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Developers Speak Out: Prisoner of War Part 2

As you may be aware, Prisoner of War has been in development for about 18 months now. Due to the direction the project has taken, towards a more narrative-led game, the cut-scenes have become an increasingly important part of the game. That's where myself and my colleague Moog come in, as it is our job to produce a series of cinematic sequences to tie the game's plot together. As we both joined the project towards the end of the development cycle, it has obviously been an immense challenge to become acquainted with the game engine and toolset.

Prisoner of War's cut-scene system is, at its simplest, a sequence of real-time game events that are triggered at specific times. These events can be directions for the in-game characters; manipulation of objects; placing cameras and cuts; setting the time of day and the weather; and just about anything else that can happen in the game. Each cut-scene is comprised of a sequence of discrete chunks of time - known as scenes. As we are using the real time game engine, and the frame rate can vary, these scenes have their duration in seconds rather than frames. This concept of scenes is loosely comparable to key-frames.

The tool-set we use really shows the quality of the Atlas Engine - the technology engineers here at Wide have done everything they can to hand control of the game content into the designers' hands. This has really empowered us to try out a number of different things, without having to constantly harass programmers for changes. The tools are so powerful that literally anything the game engine can do is available to us through a set of simple buttons and dialog boxes.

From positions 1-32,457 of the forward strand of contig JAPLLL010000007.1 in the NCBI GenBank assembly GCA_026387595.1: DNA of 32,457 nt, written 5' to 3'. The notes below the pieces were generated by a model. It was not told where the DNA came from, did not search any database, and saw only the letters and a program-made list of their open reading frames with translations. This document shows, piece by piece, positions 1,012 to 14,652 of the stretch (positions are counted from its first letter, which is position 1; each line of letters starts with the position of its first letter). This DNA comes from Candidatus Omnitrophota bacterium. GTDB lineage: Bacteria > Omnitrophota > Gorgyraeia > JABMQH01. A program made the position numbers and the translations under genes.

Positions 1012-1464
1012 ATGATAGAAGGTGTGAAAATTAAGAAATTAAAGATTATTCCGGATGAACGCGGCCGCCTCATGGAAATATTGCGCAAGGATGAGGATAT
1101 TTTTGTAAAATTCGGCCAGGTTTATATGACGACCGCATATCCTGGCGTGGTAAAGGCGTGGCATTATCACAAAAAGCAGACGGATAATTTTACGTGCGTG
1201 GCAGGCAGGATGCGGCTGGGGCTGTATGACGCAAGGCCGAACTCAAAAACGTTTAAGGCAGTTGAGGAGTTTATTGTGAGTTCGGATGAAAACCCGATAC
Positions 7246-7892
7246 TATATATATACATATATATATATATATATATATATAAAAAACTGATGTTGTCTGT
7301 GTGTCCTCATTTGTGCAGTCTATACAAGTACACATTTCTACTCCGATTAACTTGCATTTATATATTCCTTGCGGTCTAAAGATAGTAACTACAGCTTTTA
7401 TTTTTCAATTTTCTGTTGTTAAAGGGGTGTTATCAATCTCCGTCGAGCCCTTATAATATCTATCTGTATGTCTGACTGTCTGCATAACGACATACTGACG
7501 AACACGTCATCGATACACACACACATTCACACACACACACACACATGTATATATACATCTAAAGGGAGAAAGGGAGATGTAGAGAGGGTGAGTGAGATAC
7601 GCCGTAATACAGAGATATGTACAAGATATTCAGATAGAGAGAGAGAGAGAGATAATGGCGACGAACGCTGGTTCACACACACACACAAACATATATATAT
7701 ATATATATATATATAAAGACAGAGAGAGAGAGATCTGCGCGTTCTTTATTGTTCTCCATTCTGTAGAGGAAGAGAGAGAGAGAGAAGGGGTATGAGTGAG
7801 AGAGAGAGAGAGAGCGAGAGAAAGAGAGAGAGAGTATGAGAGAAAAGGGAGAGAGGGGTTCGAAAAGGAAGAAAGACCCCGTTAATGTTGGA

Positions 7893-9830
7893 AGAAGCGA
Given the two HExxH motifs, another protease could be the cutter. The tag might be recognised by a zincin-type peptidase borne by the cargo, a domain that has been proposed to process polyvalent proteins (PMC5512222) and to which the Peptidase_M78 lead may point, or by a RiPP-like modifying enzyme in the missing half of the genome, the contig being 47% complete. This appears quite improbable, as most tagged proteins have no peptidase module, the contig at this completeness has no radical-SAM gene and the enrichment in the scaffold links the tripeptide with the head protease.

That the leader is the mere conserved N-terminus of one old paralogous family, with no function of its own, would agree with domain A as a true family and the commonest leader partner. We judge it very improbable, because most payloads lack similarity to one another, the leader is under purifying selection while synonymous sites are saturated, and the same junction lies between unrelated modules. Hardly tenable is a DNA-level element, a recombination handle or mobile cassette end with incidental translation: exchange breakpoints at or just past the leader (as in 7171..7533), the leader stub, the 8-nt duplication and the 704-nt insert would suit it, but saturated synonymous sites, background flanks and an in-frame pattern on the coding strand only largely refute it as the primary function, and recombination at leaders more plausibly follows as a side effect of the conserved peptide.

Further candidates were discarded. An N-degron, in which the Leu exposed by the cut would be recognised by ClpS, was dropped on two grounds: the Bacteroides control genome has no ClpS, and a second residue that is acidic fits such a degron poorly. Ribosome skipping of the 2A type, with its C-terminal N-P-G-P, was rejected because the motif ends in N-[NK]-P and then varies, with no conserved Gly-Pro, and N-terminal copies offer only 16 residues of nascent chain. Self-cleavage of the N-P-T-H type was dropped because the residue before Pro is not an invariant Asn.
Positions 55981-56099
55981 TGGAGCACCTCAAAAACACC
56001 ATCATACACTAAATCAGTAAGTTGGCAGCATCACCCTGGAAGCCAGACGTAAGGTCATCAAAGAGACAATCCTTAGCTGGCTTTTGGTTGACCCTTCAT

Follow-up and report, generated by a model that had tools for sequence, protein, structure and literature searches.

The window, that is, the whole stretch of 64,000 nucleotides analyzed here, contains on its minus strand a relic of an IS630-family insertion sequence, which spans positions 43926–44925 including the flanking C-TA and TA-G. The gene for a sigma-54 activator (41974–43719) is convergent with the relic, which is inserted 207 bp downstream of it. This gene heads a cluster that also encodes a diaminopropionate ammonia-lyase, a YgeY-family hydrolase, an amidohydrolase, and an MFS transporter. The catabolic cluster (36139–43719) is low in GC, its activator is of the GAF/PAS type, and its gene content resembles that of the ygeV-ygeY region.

A visitor from the film industry saw this tool set running, and couldn't believe they didn't have this kind of thing when creating real films - as it allows shots and events not possible in the real world without huge expense (for example a helicam is a simple click of a button in Atlas - but a �Ks a day expense in the real world) - so again allows the film creators to try things out very quickly without wasting film, etc.

It is also useful that the cut-scene tool set fits in with all the other tools in the game - allowing us to work closely with the other designers and change elements of the game to fit with the cut scenes, all quickly and without impact on other members of our team.

However, the process of creating cut-scenes can be quite time-consuming. As with most things, the cut-scenes are usually mocked up first on paper as storyboards. The next stage is to set up the characters and locations as required, and act as a kind of virtual director, ordering around the characters and positioning the camera. In theory this allows us to work without having to worry about things like animation and collision detection; we just give orders and allow the characters' AI to take care of everything else. Inevitably, this kind of abstraction causes its own problems; even the most advanced AI characters don't always behave themselves!

We are working in a dynamic environment where things change from day to day. New features are added to the game; the mission structure evolves and scripts are revised to reflect this. And, at the time of writing the voice actors have yet to be recorded. Because our foundations are continually shifting in this manner, there's always the possibility that certain sequences will need to be re-worked. I have been looking into the possibility of using Maya or 3D Studio Max for the bulk of the work, with the required data exported to the game engine when ready. Unfortunately, Prisoner of War has come too far to develop and integrate this technology; with deadlines looming everybody's main concern is just to get the game done on time. But understanding the system's strengths and limitations has, I think, allowed a certain unique style to emerge. This project has been an important learning process for the team and an equally important development stage for the tools. Hopefully, the final quality of cut-scenes will reflect our efforts, and provide invaluable feedback for the future.

By Mike Bonnington, ... - 03/21/02

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